Start with the areas of the house where you spend the most time.  For example, the living room and the kitchen.  Clearing out clutter from the most used areas will give you a feeling of freshness and lightness right away.  If you start with somewhere closed off, like a basement or storage room, the door can be closed, and all your hard work is hidden.  Wait before you tackle the office or attic.  Start with the visible areas.

If you’re starting in the living room, try starting with decorations, DVDs, CDs, books, and coffee-table clutter.

Ask yourself:

  1. Do I need it?
  2. Do I love it?
  3. Why do I have it?
  4. What would I do if didn’t have it?

Spring decluttering is a great way to begin Spring cleaning.

No Longer Paralyzed to Declutter

When I realized I was going to be moving into a smaller home, I looked around at my rooms full of things and felt overwhelmed.  I’ve lived in this house for more than fifteen years.  A variety of people have come and gone, leaving behind things that I never knew what to do with.

Looking at my houseful of stuff, I’d sometimes felt paralyzed and even guilty.  I’d thought that I “should” have kept from accumulating so many things.  I “should” have been better at letting things go.  Shame.  Embarrassment.  Frozen.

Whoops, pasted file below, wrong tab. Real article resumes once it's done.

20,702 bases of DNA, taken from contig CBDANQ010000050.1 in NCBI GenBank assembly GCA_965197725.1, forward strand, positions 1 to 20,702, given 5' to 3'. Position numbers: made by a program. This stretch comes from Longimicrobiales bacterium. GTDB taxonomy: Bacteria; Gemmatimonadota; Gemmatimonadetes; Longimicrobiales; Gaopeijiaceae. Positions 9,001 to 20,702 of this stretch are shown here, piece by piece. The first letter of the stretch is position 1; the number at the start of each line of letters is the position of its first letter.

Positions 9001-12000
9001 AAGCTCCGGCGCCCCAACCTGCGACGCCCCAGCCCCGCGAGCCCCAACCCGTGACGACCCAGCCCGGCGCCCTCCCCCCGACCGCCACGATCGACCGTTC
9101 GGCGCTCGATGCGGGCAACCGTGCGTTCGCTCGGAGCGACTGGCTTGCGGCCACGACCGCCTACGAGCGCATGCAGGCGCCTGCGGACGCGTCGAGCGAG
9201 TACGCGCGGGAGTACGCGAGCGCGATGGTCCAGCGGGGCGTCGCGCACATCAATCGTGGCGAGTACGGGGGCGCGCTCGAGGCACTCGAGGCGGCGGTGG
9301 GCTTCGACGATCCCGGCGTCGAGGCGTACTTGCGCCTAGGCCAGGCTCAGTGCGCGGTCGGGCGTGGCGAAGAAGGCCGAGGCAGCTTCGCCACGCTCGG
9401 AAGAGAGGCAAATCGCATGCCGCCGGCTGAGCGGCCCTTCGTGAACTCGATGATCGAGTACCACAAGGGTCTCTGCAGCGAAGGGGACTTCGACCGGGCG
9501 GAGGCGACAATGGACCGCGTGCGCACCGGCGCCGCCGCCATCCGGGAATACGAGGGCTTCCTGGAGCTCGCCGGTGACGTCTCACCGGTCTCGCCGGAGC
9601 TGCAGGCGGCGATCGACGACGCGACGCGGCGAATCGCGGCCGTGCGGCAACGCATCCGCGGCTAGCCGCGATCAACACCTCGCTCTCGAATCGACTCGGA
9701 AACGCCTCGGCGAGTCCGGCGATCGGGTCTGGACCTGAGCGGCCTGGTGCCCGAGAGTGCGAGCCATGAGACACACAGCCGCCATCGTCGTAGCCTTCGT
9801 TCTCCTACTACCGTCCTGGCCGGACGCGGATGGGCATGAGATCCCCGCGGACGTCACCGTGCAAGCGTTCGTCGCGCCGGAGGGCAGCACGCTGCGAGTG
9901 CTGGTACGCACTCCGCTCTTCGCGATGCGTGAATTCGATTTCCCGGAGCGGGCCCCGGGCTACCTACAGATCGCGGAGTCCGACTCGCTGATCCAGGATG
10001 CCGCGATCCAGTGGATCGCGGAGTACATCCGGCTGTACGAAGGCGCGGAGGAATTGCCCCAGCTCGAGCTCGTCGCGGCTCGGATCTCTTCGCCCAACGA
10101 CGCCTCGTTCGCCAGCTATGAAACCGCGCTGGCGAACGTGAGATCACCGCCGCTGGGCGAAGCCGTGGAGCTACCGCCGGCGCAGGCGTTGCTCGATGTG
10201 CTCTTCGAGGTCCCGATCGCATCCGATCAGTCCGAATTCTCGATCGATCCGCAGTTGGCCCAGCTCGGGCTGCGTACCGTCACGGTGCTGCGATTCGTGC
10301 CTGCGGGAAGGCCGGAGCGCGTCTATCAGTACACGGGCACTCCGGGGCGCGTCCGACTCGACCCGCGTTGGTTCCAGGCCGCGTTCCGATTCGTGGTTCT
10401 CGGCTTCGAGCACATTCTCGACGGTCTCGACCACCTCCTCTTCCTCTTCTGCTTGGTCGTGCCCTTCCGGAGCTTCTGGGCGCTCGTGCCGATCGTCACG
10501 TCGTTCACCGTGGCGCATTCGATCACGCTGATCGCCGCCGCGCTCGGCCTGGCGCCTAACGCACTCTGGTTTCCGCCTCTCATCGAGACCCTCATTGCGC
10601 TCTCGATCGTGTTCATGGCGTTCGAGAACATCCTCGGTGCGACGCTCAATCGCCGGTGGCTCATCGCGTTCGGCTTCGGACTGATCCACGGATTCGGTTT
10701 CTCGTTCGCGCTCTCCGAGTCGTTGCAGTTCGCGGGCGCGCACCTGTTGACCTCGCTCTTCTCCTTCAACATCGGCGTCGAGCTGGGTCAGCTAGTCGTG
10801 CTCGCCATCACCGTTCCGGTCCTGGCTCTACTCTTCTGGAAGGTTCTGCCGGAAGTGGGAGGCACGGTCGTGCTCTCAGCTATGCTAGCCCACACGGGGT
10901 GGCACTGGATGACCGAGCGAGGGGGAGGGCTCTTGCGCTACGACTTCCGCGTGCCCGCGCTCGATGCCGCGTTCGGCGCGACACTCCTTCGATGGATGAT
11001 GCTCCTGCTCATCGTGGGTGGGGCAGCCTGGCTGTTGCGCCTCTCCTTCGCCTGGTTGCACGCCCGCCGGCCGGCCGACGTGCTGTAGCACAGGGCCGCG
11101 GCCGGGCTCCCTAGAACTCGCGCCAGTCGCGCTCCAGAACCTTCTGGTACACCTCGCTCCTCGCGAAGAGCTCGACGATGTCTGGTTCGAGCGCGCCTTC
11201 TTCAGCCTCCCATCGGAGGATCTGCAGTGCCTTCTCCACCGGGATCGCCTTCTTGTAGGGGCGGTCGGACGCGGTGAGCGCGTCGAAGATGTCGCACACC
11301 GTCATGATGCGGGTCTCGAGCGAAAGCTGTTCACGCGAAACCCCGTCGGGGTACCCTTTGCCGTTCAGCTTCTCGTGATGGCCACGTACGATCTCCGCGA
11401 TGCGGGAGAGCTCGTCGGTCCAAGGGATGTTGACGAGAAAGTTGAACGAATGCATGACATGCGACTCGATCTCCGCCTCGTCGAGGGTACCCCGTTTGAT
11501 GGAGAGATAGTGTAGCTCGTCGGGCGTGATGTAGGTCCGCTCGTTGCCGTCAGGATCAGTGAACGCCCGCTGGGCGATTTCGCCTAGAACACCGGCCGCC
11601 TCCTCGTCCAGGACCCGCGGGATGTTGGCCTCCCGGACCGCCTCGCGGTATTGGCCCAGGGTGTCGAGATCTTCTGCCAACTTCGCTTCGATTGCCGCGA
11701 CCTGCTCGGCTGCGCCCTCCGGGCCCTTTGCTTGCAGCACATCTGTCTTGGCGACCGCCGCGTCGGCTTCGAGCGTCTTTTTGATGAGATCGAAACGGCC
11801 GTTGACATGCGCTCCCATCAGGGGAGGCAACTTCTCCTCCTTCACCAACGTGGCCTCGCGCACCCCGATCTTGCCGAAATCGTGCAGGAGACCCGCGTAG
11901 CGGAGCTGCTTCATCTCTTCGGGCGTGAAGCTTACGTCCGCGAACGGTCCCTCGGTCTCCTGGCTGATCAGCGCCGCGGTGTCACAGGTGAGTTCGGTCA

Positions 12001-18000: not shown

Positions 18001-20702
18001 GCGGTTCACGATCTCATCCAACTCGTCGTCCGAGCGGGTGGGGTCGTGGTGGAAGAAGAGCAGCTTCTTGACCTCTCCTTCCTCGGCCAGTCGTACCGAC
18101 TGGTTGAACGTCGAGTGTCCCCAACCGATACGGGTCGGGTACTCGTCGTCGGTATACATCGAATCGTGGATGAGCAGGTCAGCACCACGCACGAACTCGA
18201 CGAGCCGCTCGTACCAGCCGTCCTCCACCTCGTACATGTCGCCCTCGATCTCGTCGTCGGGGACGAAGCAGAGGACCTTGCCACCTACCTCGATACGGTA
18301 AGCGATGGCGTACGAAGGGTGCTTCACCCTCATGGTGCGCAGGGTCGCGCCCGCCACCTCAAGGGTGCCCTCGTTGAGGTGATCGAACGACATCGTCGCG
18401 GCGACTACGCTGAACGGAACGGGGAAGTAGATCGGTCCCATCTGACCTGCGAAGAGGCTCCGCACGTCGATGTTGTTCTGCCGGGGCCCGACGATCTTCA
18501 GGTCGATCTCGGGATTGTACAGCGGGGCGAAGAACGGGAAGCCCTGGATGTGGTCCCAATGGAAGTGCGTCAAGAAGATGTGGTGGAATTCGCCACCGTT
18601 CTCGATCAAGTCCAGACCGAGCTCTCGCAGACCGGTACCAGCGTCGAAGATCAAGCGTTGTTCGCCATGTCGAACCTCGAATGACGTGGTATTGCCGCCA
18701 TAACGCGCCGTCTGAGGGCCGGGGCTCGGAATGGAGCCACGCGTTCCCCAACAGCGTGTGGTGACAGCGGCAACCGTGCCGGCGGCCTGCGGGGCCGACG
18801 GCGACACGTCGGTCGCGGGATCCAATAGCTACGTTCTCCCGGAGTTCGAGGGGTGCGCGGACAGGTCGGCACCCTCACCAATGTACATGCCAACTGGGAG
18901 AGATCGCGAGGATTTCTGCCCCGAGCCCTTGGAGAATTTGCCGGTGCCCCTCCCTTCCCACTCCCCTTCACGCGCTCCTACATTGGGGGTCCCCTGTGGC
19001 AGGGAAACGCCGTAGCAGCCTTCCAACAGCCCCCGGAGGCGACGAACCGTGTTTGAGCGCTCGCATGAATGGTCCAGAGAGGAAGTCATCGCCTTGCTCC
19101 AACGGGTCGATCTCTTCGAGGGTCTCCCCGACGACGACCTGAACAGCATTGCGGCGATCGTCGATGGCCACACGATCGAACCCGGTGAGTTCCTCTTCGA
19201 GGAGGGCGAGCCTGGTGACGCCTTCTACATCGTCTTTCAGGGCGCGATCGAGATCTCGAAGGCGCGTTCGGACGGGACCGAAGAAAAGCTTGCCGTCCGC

But now, instead of just feeling general embarrassment and overwhelm, preparing for the new home and the new life it would bring became something that somehow freed me from the guilt and shame.  It’s just stuff.  Now I just need to sort through it all and figure out what is going to make the move with me, and what’s going to go to a donation bin to make someone else happy.

I don’t want to be weighted down with junk.  In my home, I want the freedom and space to create.  I want a home that is welcoming and that I share with visitors without shame.  I want to be nurtured by my home.  I want it to be livable and clean.  I want to be content with where I am, and content with what I have.

I’d read an article about Swedish Death Cleaning, and had decided, in many ways, that was what I was preparing to do.  Paring my things down so that those people who come after me won’t have a huge task of going through my belongings after I’m gone.  Not only will things be lighter for me now, my collection of “stuff” will be lighter for others later.